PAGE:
North Korea’s Central News Agency reported Monday that more than 1.2 million people have fallen ill with “fever”, including 50 who have died since the end of April. Experts point out that North Korean authorities appear to be using the word “fever” as an acronym for Kovid-19 because they probably lack the ability to diagnose accurately due to a lack of test kits.
North Korea reports 6 deaths in ‘explosive’ coronavirus outbreak
Due to the lack of medical resources, the country of 25 million seems to be managing the growing number by isolating most patients. More than 560,000 people are in quarantine in North Korea, including “fever,” state media reported Monday.
Since North Korea reported its first official Kovid-19 case on Thursday, its leader Kim Jong Un has locked down the country and instructed officials to “completely stop the spread of the malicious virus,” but his public health order was not followed by officials, he said Sunday.
“He has sharply criticized the cabinet and the public health sector for their irresponsible work ethic and ability to organize and carry out,” KCNA reported on Monday.
During an emergency Politburo meeting on Sunday, Kim condemned the slow pace of drug distribution at local pharmacies and instructed the National Army’s medical unit to help stabilize drug supplies. After the meeting, Kim visited Pyongyang’s pharmacy and lamented their “poor condition,” even lacking proper medicine storage.
For the past two and a half years, Pyongyang has maintained a “zero cove” policy, including strict segregation measures and a closed border, which has allowed the country to avoid a major outbreak but has created a health and food crisis.
External experts have long questioned North Korea’s claim that the country is free of the coronavirus.
A few weeks before the announcement of its first official case, North Korea held a massive military parade in Pyongyang where about 20,000 people gathered, which experts said could be a super-spreader event.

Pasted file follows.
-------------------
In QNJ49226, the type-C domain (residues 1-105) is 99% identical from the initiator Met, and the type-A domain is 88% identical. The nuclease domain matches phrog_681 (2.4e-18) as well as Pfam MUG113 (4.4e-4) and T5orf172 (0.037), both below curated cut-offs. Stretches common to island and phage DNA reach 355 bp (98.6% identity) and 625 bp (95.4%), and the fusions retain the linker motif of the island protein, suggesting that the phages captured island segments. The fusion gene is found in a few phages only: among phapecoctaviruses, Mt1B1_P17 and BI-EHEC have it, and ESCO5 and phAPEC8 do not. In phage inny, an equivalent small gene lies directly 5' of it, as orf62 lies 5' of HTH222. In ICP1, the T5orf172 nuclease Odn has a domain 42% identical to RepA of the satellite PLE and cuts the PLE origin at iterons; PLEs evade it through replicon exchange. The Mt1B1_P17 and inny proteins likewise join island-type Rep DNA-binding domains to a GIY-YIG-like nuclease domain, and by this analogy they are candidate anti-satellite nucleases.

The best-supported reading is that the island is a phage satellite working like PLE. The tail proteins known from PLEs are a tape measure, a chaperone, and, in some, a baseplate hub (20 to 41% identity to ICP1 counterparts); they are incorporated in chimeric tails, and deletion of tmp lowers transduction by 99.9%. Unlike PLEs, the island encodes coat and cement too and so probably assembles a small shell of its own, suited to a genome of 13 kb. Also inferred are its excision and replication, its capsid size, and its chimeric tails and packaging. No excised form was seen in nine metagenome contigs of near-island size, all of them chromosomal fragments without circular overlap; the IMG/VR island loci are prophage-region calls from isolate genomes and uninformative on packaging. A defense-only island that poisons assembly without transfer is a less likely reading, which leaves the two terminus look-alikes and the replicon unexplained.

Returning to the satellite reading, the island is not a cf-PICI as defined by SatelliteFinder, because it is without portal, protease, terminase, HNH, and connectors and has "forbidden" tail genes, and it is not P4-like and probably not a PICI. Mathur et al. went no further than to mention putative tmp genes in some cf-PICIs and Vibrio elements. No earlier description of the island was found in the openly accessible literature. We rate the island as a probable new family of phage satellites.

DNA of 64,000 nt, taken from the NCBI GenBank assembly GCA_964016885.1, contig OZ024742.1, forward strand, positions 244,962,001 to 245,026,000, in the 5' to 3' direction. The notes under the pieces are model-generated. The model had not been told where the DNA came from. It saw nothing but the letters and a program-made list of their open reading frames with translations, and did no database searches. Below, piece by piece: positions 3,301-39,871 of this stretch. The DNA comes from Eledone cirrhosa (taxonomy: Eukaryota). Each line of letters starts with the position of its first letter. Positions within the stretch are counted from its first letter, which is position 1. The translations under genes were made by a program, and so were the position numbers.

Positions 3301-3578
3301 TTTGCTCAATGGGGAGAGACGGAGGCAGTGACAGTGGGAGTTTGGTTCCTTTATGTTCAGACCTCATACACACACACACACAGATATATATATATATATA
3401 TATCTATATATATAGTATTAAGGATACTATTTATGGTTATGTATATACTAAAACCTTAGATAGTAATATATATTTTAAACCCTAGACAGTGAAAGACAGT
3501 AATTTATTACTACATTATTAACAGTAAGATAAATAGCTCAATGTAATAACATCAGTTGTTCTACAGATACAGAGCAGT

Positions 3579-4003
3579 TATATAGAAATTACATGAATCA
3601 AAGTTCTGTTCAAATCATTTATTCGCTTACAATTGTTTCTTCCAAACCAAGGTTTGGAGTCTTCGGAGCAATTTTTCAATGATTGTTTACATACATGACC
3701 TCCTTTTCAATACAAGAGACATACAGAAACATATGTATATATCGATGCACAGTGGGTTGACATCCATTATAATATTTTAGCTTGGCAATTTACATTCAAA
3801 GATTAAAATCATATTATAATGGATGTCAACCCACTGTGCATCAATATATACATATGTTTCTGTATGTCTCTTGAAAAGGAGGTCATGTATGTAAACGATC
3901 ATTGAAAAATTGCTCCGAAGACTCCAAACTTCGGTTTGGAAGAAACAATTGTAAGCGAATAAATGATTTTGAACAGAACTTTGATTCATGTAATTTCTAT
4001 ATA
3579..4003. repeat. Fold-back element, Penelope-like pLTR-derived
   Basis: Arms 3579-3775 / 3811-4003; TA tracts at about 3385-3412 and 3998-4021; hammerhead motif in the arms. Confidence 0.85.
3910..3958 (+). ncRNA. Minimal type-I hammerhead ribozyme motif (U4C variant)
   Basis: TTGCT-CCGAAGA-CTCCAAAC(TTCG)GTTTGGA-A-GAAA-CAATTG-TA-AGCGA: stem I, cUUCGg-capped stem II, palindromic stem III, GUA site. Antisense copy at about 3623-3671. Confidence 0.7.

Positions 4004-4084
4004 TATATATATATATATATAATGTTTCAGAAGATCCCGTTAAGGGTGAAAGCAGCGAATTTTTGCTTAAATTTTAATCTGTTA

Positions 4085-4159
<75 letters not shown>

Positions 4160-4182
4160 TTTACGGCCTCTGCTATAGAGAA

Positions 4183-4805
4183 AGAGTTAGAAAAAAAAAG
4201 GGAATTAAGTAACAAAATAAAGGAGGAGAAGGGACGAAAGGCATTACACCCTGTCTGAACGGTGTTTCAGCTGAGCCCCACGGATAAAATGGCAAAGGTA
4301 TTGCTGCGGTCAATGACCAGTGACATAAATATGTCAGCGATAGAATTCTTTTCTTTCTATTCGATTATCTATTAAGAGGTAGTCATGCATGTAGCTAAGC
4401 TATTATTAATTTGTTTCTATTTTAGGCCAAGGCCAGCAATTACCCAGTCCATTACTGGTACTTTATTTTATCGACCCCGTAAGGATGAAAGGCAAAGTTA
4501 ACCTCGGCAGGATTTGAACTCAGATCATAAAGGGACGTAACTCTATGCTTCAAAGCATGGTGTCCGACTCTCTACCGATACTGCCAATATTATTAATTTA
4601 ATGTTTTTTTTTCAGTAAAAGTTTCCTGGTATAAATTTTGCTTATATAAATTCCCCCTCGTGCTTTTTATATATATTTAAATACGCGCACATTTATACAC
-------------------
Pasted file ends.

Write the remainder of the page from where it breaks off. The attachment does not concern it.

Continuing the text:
North Korea is facing its first Kovid outbreak without a vaccine
North Korea has already rejected doses of millions of vaccines from a UN-based covacs distribution program, possibly due to concerns about the country’s monitoring staff.
North Korea has not yet responded to offers of coronavirus assistance from its rival South Korea, Seoul’s unification ministry said Monday. The ministry said Seoul North was willing to provide resources such as vaccines, medicines, face masks and diagnostic kits and share best practices for epidemic response.
Oh Myung-don, an infectious disease specialist at Seoul National University, said the coronavirus epidemic in North Korea appeared to have started a month ago and it could be too late to be vaccinated. “Of course vaccines are important but unfortunately, vaccines are not expected to play a major role in controlling this outbreak. [in North Korea]He was speaking at a seminar at his university on Monday.
Oh said it would take at least a month for North Korea to get the vaccines, distribute them and vaccinate its citizens, when the country urgently needs immediate medical help, such as antiviral treatment, for patients infected with Kovid-19. Due to the country’s poor health infrastructure, the number of coronavirus deaths in North Korea could exceed 34,000, he said.